Trading the Fruits of the Land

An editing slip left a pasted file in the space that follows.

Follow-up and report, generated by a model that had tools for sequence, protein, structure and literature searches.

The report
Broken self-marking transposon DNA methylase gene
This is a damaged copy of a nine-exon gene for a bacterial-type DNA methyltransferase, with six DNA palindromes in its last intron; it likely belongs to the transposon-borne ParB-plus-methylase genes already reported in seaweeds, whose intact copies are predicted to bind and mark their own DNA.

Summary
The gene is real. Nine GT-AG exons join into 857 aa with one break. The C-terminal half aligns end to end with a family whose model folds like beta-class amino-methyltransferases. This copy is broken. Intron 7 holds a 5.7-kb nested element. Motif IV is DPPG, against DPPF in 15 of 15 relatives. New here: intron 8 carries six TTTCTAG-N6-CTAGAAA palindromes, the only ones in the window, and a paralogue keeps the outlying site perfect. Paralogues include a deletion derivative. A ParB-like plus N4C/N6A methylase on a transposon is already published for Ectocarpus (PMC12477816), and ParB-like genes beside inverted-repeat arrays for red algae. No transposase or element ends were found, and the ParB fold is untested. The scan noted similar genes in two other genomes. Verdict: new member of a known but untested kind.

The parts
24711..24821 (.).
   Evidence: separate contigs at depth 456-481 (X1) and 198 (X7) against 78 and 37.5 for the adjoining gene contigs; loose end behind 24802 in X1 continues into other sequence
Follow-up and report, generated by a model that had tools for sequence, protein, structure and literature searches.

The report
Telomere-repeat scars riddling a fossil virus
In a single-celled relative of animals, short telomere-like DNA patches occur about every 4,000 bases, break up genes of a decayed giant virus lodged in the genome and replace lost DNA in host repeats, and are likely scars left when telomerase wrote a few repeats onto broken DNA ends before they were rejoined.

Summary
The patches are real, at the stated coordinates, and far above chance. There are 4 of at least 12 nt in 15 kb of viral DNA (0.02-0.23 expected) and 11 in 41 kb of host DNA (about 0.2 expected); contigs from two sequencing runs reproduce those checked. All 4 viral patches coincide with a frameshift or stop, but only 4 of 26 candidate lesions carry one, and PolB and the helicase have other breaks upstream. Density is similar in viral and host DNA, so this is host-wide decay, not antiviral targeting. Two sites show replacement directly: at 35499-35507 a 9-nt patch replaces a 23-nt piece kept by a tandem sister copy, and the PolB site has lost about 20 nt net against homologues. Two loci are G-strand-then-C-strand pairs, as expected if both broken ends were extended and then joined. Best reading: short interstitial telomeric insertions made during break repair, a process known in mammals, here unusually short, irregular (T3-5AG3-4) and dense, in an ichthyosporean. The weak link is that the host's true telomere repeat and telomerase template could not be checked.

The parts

First published in 1997, this volume contributes to the knowledge for the trade of vegetables, fruits and tubers (so-called horticultural commodities). As African policy makers try to keep pace with new developments in private food trade, they require knowledge of the structures of private trade systems and the factors that govern their long-term development. The study analyses the structure and development of horticultural marketing channels in Kenya. It is based primarily on surveys of some 500 farmers in four districts and 750 horticultural traders in 18 market places. Commercial horticultural farmers, domestic traders, export traders, agents, facilitators, marketing cooperatives and processors are all reviewed. The study devotes special attention to the efficiency of collecting wholesalers, and to the development of rural assembly markets. It develops a model which can elucidate vertical differentiation processes in the Kenyan horticultural channels. The analyses show that marketing channel theory can be of great relevance to the developing world. The proposed vertical differentiation model can aid in predicting future changes in horticultural marketing systems, in Kenya as well as in other African countries.